Published online 13 August 2015.
First some concepts:
Identity politics is the idea that we can start from concepts of personal identity (known to the sociologists within us as social position) — I am rich, poor, white, Black, male, female, cishetero, LGBTQ and so on — and hold these concepts as the starting-point for a politics.
Politics is the idea that society operates through the exercise of power — a “political order” — and that this political order can have a number of dimensions — economic, associative, family and so on, based on the relationships between people — but its primary order is based on the state, which colonizes the land upon which people live. Bob Jessop has a good definition of the state:
All forms of state rest upon the territorialization of state power. The three key features of statehood are state territory, a state apparatus, and a state population.
The state, then, is an attempt by a power elite to impose power on a chunk of land. As we live on the land, then, the state can be seen as a means of oppression as well as a means of “fixing the situation.”Privilege: insofar as identity politics is political, it’s about social position — that what makes being Black or white important (for instance) is the social position granted to specific groups. Social position, however, is described in identity politics discourse as micro-level privilege. Some people have privileges; others don’t. White people have privileges that Black people don’t have, for instance. Some of these privileges ought to apply to everyone — the privilege of not being accosted by police officers for spurious reasons, for instance.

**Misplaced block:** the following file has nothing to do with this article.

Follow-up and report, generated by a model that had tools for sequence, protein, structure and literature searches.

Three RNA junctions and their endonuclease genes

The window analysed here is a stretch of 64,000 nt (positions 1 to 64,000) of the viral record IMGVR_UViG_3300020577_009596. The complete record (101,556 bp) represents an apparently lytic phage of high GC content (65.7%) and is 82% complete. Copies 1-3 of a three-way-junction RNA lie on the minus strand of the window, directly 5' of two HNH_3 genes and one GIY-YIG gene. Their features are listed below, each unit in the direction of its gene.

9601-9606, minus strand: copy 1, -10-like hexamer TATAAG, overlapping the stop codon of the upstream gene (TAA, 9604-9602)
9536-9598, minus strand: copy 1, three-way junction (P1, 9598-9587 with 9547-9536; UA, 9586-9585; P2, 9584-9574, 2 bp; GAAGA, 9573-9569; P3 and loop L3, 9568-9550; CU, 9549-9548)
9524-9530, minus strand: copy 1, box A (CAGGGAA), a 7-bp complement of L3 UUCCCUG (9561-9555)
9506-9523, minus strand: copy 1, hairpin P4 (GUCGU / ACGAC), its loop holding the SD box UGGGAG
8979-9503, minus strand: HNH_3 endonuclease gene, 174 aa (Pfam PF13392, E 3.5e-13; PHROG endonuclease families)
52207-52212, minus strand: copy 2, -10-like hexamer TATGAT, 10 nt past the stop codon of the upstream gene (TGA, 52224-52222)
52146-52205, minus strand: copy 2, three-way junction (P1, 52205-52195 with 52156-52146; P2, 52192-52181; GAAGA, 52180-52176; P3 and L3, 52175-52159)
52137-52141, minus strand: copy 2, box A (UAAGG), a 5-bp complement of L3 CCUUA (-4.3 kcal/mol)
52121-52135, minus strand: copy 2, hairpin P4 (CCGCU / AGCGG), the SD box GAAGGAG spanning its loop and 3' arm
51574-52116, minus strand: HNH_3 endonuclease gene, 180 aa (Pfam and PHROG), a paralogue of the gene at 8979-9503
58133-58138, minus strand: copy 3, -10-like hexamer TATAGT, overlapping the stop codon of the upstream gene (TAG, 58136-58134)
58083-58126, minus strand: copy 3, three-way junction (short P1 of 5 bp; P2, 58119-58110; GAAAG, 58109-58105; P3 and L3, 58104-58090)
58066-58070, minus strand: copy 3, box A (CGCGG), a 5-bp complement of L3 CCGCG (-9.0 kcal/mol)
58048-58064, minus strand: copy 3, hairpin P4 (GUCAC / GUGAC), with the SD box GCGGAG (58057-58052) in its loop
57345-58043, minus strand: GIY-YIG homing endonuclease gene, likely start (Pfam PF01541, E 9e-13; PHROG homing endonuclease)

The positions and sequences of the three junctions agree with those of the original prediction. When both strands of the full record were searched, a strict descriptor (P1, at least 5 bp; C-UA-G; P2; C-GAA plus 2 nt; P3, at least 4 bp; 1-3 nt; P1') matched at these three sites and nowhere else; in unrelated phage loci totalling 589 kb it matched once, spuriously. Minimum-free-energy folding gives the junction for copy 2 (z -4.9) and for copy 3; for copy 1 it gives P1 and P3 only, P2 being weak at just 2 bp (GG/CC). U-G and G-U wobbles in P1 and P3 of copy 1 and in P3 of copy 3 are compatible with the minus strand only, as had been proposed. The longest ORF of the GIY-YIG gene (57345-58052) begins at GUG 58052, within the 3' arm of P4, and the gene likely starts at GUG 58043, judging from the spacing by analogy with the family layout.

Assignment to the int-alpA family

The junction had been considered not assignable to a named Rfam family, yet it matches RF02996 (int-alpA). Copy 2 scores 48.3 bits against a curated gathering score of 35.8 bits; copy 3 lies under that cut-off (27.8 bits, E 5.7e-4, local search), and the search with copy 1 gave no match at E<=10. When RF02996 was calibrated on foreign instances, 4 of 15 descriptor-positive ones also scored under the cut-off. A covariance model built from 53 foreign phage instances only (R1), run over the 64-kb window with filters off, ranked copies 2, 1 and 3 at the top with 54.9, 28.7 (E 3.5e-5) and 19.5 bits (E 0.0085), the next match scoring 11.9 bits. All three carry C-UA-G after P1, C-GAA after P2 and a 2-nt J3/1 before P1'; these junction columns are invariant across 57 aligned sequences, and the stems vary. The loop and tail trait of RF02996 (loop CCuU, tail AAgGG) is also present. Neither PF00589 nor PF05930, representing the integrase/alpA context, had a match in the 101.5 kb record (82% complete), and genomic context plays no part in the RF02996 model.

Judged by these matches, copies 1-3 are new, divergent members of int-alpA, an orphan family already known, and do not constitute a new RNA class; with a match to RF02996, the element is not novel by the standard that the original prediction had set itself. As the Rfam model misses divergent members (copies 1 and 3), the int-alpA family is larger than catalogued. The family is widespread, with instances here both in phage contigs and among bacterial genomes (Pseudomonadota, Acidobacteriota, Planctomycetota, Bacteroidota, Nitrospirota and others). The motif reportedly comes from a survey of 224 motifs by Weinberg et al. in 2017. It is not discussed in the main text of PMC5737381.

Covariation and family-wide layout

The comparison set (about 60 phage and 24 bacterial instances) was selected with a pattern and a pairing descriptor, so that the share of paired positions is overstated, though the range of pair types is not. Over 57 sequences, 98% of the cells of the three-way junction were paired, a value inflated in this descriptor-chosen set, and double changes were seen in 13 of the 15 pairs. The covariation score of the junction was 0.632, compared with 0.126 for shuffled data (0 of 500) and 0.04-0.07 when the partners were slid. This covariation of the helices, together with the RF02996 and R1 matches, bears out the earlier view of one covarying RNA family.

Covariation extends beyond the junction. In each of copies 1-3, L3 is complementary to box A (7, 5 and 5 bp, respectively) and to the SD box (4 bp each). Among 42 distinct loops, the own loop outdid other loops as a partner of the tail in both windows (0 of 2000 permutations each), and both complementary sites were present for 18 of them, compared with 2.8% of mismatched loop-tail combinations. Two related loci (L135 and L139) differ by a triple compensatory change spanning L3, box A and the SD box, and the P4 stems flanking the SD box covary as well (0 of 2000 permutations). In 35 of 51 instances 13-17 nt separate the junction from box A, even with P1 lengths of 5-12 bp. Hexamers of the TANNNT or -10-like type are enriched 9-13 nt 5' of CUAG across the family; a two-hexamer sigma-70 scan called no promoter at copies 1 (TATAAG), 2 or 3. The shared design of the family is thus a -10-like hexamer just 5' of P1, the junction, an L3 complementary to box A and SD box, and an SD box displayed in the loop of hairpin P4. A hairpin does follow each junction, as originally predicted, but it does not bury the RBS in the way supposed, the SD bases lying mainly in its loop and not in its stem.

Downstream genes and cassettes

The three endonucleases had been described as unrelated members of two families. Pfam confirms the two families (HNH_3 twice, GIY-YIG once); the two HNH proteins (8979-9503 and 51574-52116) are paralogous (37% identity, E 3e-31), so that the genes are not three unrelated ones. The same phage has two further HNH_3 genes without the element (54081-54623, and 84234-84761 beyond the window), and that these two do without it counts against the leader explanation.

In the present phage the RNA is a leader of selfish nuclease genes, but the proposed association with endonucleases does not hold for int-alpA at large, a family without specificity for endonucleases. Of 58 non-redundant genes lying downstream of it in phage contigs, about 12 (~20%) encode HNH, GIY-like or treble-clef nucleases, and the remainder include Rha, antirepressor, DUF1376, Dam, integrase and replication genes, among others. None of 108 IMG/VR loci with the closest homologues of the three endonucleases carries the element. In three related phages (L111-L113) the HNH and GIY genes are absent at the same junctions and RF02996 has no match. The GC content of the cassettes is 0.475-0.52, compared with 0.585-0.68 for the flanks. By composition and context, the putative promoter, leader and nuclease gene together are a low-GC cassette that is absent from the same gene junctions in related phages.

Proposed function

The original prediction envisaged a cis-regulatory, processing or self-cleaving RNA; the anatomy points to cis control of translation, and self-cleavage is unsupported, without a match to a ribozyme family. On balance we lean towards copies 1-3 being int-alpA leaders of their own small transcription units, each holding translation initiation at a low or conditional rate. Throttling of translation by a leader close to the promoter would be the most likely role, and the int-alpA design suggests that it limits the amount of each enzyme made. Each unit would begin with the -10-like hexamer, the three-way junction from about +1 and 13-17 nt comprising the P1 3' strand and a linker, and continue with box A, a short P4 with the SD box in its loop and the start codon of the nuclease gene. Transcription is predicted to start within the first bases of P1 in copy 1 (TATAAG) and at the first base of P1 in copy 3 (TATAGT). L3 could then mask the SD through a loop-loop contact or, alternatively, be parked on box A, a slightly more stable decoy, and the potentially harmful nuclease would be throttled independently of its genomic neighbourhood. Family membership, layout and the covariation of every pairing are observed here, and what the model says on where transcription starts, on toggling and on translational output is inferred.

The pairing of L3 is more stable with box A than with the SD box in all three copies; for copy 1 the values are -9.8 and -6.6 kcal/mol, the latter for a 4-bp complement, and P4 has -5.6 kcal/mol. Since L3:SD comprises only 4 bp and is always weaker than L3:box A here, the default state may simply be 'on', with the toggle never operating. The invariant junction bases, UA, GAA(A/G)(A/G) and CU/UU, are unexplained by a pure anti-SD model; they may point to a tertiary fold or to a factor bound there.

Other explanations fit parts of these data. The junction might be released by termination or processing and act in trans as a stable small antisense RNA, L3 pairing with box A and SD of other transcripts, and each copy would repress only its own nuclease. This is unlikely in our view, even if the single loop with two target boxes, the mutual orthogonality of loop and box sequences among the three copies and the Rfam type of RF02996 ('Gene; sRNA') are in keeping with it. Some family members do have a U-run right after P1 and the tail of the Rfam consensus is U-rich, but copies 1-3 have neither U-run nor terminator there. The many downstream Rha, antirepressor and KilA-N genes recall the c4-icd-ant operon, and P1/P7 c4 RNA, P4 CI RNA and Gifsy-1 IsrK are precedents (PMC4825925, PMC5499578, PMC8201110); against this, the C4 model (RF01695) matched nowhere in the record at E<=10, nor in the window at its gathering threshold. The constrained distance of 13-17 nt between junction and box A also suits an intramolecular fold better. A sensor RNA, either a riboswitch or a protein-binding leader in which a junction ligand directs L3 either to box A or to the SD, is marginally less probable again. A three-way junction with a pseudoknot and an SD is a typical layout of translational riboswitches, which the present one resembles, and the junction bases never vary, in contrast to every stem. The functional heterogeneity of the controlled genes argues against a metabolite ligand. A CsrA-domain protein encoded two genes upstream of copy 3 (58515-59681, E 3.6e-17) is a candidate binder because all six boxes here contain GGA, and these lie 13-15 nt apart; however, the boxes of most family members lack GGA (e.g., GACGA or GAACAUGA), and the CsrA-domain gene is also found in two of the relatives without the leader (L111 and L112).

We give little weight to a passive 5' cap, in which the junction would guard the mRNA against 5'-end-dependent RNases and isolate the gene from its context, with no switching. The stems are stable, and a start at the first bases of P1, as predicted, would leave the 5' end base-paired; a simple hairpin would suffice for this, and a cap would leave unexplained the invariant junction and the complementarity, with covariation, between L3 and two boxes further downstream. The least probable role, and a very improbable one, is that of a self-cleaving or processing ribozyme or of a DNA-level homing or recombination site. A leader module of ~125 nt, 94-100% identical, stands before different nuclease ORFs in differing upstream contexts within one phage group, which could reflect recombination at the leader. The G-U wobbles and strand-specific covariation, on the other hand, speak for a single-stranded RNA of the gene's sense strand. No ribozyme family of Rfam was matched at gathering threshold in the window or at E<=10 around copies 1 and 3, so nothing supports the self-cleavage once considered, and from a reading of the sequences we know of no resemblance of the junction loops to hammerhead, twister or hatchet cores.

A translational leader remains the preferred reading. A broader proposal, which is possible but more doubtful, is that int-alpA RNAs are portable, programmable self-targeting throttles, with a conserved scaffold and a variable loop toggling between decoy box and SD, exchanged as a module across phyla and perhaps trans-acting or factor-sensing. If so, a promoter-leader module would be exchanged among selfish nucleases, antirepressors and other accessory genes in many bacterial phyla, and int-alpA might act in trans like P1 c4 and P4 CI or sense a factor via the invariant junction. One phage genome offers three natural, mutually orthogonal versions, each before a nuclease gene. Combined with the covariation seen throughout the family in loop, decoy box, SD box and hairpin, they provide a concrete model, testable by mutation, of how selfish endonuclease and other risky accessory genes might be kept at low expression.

We might step outside of identity politics to imagine that privileges could be useful in the hands of the wise, who would use them to create a world in which the possession of privilege was socially irrelevant, while at the same time said same privileges would be disaster in the hands of fools, who would work to make the problem of privilege worse.
But “privilege” as described in the above paragraph would be a political understanding of privilege, whereas the identity politics use of privilege is as a tool for shaming, to copy the shaming visited (so unfortunately) upon those who are denied meaningfully necessary privileges by political and social systems. The comparison of identities under the conditions set by identity politics is not really going to produce very much solidarity in interactions between people of different “privilege” groups. Maybe there are a few people (Tim Wise comes to mind) who think otherwise.
There are, then, points at which identity politics does not produce an organized politics at all, instead using political realities to reinforce division. I speak from my identitarian perspective, you speak from yours, and the conversation goes nowhere. Isn’t that really what happened in Seattle?
Social imaginary: the social imaginary is that part of society which is not represented by material objects, and which must be continually “imagined” (usually in repetitive, conformist fashion) by society’s members for it to exist at all. Take for instance, the concept of law. Law exists as courthouses, courts, police, lawyers, jails, prisons, legislators, and other such material objects. But law also exists as interpretation — individuals make decisions about what counts as “breaking the law,” what counts as “legal remedy,” and so on. It’s this part of law that is the social imaginary of law.